Nature fumbles all the time. Things break. Early sprouts freeze and die back. Erosion takes down hillsides, even hillsides where humans have not clear-cut. In the long run, our trying to catch up with nature is what ends up looking more damaged. Nature has built-in ways to compost and recycle what falls. We humans sometimes skip the recycling and head straight into rebuilding. Are we determined to live on the wet hillside with a view, or the ocean front flood plane?
I think it goes deeper than that. Maybe we need the possibility of “faux pas.” Maybe it’s part of an instinct for leaning into challenges.
I was thinking about inconvenient instincts this morning while watching my cat play with my bath water – such a joy. He is *fascinated* with the reflections and movement of water, *almost* to the point of wanting to get in on purpose. Once in a while there is a great scattering noise as he does whatever is needed to recoup his balance, but in a few minutes or less he’ll be right back at it.
When I pull the plug and the water has drained to about the last 1/4″ he often jumps into the tub: 1/4″ to 1/2″ is his kitty cat faux pas wet paws limit. He cringes a little as he lands in the wet bathtub. Fascination overpowers cringe almost immediately, as he races to watch the last of the water go down the drain, and then stalks and pats at water droplets rolling down the side of the tub.
I am like that when it comes to programming. I know how to do a few very small things with php, and it fascinates me. If I lean in too far, or get in over my head, it’s chaos. Wet paws are just enough, over and over again. I like patting at those water droplets.
My php tolerance has gradually increased. I remember when I felt the same way about html, and later on about css-based layouts. These transitions would not have happened naturally, without my encouragement, any more than it was strictly natural for humans to create culture protected by dikes and levies in Holland and New Orleans – but look at what we can accomplish. I like it, I work at it, and I protect it by building on what I’ve learned. I build my own version of dikes and levies – I look at what I can accomplish, and it makes me happy.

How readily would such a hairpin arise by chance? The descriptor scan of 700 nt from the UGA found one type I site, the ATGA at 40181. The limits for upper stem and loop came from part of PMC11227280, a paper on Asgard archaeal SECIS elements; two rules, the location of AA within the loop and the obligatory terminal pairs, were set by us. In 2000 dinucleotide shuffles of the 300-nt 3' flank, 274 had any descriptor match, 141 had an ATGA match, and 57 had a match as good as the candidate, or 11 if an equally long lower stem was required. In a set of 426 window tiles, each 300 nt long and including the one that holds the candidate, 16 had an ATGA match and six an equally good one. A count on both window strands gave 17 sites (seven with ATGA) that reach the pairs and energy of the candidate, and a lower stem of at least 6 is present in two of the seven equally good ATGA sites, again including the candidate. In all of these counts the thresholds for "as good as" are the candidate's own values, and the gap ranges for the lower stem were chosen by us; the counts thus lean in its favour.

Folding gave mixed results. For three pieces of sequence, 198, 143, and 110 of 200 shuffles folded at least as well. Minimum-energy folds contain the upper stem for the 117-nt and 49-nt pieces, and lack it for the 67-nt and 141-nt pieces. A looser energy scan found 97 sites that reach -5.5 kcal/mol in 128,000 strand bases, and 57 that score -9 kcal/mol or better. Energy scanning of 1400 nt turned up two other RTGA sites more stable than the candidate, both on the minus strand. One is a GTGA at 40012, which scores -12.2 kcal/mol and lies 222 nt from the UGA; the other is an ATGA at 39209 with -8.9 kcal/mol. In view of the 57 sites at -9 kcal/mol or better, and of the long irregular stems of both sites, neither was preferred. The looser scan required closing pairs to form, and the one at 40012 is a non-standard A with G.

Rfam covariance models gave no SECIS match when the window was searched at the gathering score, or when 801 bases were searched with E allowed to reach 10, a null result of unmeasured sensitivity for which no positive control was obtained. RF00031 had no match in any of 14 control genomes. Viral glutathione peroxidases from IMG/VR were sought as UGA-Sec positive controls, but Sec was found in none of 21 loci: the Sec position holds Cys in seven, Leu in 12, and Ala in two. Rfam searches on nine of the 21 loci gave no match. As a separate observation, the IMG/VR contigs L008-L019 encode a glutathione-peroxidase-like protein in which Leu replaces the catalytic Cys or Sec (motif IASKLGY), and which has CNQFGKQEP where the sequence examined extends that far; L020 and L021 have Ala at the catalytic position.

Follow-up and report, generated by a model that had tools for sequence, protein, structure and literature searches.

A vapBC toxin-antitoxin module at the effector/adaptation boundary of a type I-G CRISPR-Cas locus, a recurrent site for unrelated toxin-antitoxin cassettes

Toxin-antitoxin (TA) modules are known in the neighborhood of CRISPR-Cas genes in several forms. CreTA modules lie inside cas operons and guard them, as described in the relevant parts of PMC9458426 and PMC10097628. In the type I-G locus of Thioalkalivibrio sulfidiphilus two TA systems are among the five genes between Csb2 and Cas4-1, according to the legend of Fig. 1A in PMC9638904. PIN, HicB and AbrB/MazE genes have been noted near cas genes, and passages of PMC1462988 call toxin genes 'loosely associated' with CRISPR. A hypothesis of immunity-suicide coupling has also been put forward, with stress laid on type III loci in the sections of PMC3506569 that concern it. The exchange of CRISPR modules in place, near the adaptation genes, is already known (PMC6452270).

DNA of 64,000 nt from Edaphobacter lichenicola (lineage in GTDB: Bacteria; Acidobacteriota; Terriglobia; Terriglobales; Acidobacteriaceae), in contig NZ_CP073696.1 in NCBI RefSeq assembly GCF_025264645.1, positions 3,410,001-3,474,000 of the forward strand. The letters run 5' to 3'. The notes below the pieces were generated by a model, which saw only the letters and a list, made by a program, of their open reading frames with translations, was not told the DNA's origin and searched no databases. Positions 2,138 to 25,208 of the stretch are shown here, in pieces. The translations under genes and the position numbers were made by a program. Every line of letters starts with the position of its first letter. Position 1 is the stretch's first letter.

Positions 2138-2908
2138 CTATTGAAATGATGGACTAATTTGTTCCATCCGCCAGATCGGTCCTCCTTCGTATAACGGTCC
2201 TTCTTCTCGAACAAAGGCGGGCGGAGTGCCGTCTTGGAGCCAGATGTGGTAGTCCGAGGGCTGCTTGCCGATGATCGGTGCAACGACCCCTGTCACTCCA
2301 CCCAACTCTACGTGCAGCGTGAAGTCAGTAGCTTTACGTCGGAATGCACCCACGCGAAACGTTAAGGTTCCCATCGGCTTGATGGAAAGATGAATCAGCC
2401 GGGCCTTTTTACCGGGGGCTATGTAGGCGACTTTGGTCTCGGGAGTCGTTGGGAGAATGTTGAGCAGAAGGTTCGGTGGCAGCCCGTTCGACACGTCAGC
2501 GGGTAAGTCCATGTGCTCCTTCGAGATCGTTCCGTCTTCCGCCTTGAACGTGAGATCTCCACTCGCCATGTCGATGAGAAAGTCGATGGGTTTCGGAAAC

Lexi and iamlosts’s comments on my post, Sympathy for the Technology Avoider, led me to wondering about what makes us tick when we go for it anyway, whatever “it” is at the moment. As Jenn Osborne’s Blog Strategy series is on my mind this week, and I had planned to respond to her last post about coming up with blog post ideas for challenging industries, my next post is going to be about blog post ideas, with a little twist. I’ll be looking at how to approach blog post ideas for the technology avoider.
Ironically, I’ll be writing as it rains. We’re at the not-so-nice edge of Spring here, and I want to be doing outside things in between rain drops. I’m not going to glue myself to the computer until the sky is falling. When I’m outside I’ll be avoiding the rain. When inside I plan to glory in it.